HCR Law Events


In the Netherlands, our strong network in the Randstad region has been enhanced by bringing on board Rachael King, Legal Director, who is based in The Hague.

The strong economy of the Netherlands and its close relationships with the UK mean that our clients’ European interests are served in a timely, cost effective and expert manner; Rachael is able to help UK clients trading in Europe and EU clients trading with the UK.


Our work with clients

The Netherlands hub was set up in 2016, headed by Robin Koolhoven in the UK, ably assisted by Rachael King who resides in The Hague. The practice assists UK companies interested in investing in the Netherlands and Dutch companies interested in investing in the UK.

We work with UK, US and Chinese companies at all stages of their business journey in the Netherlands, assisted by our partners, the types of work we do includes the following:

Corporate structure
Owners of a new company in the Netherlands must select a legal business structure such as a sole proprietor (eenmanszaak) or private limited company (bv). The legal structure determines their liabilities and tax obligations. We advise clients on which business structure most suits their need, and then work with them to set it up.

Investigations of Dutch companies
When you’re contemplating working with a Dutch counterparty, whether as a distributor for your products or as a supplier, or for some other commercial purpose, it is beneficial to carry out an investigation into the company and its owners before signing the contract. We help clients get this done, so that they have peace of mind and go into new relationships with their eyes open and fewer ‘unknowns’.

M&A work and due diligence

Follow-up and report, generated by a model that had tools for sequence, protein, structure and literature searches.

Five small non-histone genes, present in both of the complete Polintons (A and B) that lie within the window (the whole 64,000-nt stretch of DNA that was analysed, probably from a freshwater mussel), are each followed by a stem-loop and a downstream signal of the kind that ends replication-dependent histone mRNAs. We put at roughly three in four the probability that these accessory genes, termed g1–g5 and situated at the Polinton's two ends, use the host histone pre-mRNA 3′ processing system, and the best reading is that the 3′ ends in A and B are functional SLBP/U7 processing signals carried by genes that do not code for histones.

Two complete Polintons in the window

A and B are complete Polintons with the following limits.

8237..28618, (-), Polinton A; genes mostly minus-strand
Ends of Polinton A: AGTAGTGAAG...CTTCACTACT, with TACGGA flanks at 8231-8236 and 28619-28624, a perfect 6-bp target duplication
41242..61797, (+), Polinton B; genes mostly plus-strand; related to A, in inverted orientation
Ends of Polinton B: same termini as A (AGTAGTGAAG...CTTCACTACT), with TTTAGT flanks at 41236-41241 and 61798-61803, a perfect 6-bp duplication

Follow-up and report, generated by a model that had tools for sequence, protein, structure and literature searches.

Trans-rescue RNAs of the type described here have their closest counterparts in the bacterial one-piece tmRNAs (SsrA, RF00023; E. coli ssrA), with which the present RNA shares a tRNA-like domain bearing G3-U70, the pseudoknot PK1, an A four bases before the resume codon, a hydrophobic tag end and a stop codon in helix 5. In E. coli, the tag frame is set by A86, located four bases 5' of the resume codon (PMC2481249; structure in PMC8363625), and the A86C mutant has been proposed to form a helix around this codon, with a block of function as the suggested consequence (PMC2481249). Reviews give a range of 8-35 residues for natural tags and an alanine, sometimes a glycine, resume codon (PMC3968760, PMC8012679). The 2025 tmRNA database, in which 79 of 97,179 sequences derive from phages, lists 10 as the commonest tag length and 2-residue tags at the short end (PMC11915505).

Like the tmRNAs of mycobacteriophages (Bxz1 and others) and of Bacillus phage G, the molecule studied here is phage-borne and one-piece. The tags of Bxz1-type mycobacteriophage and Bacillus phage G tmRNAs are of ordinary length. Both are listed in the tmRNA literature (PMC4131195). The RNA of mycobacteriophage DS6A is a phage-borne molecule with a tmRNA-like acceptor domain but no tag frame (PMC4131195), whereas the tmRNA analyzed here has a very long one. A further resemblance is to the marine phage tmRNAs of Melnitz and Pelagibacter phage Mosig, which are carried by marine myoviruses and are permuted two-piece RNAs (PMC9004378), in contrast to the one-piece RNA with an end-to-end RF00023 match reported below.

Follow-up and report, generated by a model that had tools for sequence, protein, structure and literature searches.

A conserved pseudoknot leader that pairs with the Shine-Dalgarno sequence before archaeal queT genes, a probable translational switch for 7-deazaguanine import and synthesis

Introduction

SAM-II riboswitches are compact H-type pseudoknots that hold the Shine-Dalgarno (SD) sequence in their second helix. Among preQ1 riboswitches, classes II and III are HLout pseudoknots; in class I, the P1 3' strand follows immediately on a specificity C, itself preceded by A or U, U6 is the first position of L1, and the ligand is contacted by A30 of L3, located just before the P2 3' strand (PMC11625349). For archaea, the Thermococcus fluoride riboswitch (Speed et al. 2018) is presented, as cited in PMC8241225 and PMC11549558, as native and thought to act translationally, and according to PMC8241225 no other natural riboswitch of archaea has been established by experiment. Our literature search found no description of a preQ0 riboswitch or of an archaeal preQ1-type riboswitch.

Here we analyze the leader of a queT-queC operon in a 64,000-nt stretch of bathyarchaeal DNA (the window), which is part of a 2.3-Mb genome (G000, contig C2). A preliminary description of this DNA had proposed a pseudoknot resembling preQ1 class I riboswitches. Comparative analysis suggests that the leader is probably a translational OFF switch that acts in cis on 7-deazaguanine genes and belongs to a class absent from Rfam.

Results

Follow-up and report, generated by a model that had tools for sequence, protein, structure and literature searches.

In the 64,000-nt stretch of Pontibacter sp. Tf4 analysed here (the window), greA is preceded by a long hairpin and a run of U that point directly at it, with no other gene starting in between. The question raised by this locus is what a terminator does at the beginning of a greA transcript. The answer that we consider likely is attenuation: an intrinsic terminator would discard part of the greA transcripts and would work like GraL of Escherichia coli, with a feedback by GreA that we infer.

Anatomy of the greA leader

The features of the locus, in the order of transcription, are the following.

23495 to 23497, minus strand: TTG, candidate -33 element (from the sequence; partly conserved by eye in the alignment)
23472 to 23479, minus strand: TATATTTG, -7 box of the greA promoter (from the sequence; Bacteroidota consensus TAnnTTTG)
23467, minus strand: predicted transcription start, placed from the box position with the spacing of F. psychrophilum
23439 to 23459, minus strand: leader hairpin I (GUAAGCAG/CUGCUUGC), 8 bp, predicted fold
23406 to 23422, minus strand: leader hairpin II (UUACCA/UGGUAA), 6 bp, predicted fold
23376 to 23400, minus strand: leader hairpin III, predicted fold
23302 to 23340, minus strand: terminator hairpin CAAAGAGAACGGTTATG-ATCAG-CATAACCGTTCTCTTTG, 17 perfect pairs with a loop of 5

While acquisition contracts might be governed by English law, if the target is Dutch it is still necessary to have Dutch lawyers perform due diligence on that target.  We work with multinational clients on these matters.

Review of contracts governed by Dutch law
It may seem obvious that if a contract is governed by Dutch law then a review needs to be carried out by someone qualified in the Netherlands, however we are aware that sometimes this does not happen. UK qualified lawyers may be tempted to review your contract, add a disclaimer to their review indicating that it has been based on  ‘common sense’ and then charge you for their time. We don’t do this because it does not serve your best interests as our client.

Even if the form contracts you use are all subject to English or US courts, you might still find yourself drawn into a dispute in the Netherlands if sued by a third party there in tort. When this happened to one of our exporter clients, we were able to assist them by finding the right defence lawyers in The Hague and provide them with dispute resolution support ourselves. A settlement was reached before the case went to trial, much to the relief of the client.

Employment law and intellectual property
We help our UK and US clients to find the right advisors when they want to employ people, or protect their brand or technology in the Netherlands.

How can we help you?

Doing business in The Netherlands

The Netherlands is Britain’s fourth biggest export market, buying more British goods than China, and its third biggest importer.

Export opportunities for UK businesses include:

  • defence and security
  • food and drink
  • offshore wind energy and technology
  • financial and professional services.

If you’re thinking of doing business in The Netherlands, here are some key things to know: 

VAT is called BTW in The Netherlands. The usual rate is 21%. A lower rate of 9% applies to some products and services, such as food, medicines, and paint and plaster for homes.

Standards and regulations
Products and services should meet relevant EU safety standards, including clear instructions for proper use, and include warnings against misuse. The National Institute for Public Health and the Environment (RIVM) is responsible for standards.

Packaging and labelling
EU standards apply to packaging.

Payment terms
Dutch law requires that every invoice should be paid within 30 days, unless the buyer and supplier agree on other payment conditions. A payment term of over 60 days is only allowed if it can be shown that it is not detrimental to either party. More detail on payment terms can be found on the website of the Netherlands Enterprise Agency.

Got a question?

Send us an email

Newsletter HCR featured image

Stay up to date

with our recent news